Why Greg Robinson Could Be the Most Dominant Rookie Lineman in Years

Knox BardeenNFC South Lead WriterApril 26, 2014

USA Today

Just 12 months ago, you had to be a hardcore Auburn Tigers fan to have a ton of knowledge of left tackle Greg Robinson, let alone have his name roll off your tongue as a top NFL prospect.

Fast forward one year past Auburn’s improbable run to an SEC title, where Robinson mauled defensive linemen to open holes for two 1,000-yard rushers, and Robinson’s name now holds star power.

Within the first 10 picks of the 2014 NFL draft on May 8, three offensive tackles could be called—Robinson, former Texas A&M star Jake Matthews and former Michigan tackle Taylor Lewan. Arguments have been waged for months, but most feel either Robinson or Matthews will be the first lineman picked, with Lewan a close third.

What hasn’t been debated is what each offensive tackle brings to the table, because these are well-known facts. Both Matthews and Lewan are polished, mostly free-from-risk additions who will be able to jump in and compete for an NFL job from the start. Robinson, on the other hand, is raw—a highly athletic, intelligent prospect with more upside than a NASA rocket.

It’s because of Robinson’s sky-high ceiling that not only could he be the first offensive tackle selected in the draft, he could turn out to be the most dominant rookie lineman we’ve seen in years.


The 2014 NFL Combine

Robinson used his athleticism and power to work his way from second-year college starter to combine invite. He turned the 2014 combine into his own personal coming-out party, showing NFL scouts and executives that he had the physical tools and drive to grow into something special.

When the offensive linemen ran the 40-yard dash, Robinson blew folks away. His 40 time was 4.92 seconds, the second-best time of any offensive tackle there, according to combine results provided by NFL.com. He also posted a top-10 vertical jump of 28.5", a top-five bench press with 32 reps and just missed out on the top 10 in the three-cone drill.

Since 2009, there have been 10 offensive tackles taken within the first 10 picks of the draft. Mike Huguenin of NFL.com put some perspective on how Robinson’s scores stacked up against recent draftees.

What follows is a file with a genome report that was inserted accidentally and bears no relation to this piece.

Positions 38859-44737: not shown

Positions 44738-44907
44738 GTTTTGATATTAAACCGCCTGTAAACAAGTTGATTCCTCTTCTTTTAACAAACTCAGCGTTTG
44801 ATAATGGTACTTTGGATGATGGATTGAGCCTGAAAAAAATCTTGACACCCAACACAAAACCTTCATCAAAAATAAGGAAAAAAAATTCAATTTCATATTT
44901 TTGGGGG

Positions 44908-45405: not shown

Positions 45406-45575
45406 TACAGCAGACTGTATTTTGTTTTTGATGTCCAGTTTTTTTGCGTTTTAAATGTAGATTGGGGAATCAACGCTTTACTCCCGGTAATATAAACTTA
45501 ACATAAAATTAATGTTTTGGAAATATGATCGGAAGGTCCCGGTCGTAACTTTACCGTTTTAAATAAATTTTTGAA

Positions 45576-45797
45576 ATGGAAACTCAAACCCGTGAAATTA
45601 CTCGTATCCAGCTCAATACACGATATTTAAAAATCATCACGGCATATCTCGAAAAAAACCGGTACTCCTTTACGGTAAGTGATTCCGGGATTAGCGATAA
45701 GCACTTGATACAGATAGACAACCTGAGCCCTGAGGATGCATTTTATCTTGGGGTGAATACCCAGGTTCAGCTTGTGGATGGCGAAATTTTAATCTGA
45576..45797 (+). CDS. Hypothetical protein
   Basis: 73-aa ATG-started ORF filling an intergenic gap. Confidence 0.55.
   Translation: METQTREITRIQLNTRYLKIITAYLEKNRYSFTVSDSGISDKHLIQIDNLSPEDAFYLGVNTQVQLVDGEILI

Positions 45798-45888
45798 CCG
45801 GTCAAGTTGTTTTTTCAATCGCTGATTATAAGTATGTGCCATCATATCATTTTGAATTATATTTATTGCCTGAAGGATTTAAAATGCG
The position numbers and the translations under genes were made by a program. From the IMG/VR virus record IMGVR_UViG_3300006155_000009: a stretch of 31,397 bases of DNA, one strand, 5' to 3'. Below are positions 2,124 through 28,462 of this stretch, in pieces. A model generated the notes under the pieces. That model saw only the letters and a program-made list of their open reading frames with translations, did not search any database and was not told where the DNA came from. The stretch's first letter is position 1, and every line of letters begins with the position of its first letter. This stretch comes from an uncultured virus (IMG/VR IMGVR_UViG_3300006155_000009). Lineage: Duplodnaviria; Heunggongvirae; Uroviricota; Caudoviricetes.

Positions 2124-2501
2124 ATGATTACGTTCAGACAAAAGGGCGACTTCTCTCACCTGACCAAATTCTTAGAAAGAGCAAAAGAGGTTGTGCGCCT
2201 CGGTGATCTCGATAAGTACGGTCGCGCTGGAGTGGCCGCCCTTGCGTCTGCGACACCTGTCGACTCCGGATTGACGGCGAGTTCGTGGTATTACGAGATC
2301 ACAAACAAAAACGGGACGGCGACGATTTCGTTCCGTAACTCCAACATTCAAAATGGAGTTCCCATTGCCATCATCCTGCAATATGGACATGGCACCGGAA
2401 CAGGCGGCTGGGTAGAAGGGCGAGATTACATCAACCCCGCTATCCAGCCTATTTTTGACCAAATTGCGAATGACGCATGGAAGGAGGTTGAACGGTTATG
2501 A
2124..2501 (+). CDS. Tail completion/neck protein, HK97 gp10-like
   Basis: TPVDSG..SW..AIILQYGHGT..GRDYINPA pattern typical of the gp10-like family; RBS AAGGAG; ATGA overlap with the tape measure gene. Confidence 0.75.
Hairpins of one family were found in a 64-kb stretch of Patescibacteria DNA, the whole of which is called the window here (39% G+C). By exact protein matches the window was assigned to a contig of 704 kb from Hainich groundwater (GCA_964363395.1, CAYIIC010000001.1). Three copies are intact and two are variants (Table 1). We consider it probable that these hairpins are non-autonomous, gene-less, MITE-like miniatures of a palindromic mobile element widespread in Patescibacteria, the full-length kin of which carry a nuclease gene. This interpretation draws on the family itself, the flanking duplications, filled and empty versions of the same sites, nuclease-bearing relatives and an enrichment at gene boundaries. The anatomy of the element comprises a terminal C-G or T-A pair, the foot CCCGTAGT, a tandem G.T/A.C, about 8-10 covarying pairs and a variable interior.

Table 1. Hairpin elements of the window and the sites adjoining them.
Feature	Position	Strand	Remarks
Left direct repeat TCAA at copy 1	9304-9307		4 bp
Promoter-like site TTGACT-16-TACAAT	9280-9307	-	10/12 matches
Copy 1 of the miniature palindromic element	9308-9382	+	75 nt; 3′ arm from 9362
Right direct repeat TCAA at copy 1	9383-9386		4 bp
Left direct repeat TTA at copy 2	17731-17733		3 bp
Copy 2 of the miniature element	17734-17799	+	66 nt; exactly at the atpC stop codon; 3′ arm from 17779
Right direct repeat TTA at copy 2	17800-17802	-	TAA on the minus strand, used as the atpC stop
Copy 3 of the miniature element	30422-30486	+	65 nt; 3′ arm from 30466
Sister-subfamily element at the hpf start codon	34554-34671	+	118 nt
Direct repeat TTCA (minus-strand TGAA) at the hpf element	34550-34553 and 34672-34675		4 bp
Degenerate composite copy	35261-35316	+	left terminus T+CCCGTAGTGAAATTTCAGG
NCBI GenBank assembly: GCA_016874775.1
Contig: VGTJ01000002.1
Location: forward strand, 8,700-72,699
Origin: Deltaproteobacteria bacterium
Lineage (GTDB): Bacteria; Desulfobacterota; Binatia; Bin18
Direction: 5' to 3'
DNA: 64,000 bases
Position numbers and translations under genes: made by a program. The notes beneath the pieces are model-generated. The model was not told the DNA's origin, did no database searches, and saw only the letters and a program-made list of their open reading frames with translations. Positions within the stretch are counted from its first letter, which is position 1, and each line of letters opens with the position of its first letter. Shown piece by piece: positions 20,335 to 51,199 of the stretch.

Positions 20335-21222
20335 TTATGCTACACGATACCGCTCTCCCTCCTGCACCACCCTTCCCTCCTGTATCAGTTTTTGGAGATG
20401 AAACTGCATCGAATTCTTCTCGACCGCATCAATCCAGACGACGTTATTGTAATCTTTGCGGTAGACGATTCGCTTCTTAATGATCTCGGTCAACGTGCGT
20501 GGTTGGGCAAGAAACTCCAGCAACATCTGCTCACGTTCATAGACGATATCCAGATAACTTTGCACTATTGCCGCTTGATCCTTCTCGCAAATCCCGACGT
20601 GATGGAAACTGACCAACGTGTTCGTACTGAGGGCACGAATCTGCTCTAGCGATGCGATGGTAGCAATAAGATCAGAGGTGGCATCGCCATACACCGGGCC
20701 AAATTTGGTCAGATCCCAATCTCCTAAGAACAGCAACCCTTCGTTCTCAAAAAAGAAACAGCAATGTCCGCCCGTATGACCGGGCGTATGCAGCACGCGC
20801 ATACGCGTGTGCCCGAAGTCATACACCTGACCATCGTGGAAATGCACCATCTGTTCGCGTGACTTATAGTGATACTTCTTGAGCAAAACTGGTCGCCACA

Robinson’s 40 time of 4.92 would have ranked him third behind Lane Johnson and Trent Williams, or fourth if you consider Lewan’s 4.87. His 32 reps on the bench press would have ranked third behind Russell Okung and Jason Smith, while his 9'5" broad jump would have ranked third behind Lane Johnson and Eric Fisher, or fourth if you consider Lewan’s jump of 9'9".



Robinson will bring an Adonis-like physical presence to the NFL. His 6'5" frame is a perfect height, and his 35" arms are of prototypical length. It’s his 332-pound mass, however, that’s truly awe-inspiring.

Of the offensive tackles at the combine who weighed over 300 pounds, only four—Robinson, Lewan, Joel Bitonio and Matt Patchan—ran a 40-yard dash quicker than five seconds. Robinson was the only guy there above 310 pounds to pull off that feat.

His rare combination of size, speed and power showed in film. Even though he’s considered somewhat raw, and the 2013 season was just his second as a starter, he was shaming more experienced defensive players.

Robinson is still learning his trade. He’s going to come into the NFL as a run blocker who should develop into a Pro Bowl left tackle once his pass-blocking skills are refined.

Charlie Campbell of WalterFootball.com compares Robinson with the ninth overall pick in the 2011 draft, Dallas Cowboys left tackle Tyron Smith.

Robinson's game is similar to Smith. Both of them are extremely quick and athletic. They also are strong to get movement in the ground game. Smith (6-5, 318) is a little bit smaller than Robinson, while Smith entered the NFL as a more polished prospect. Robinson could easily turn into a Pro Bowl left tackle like Smith.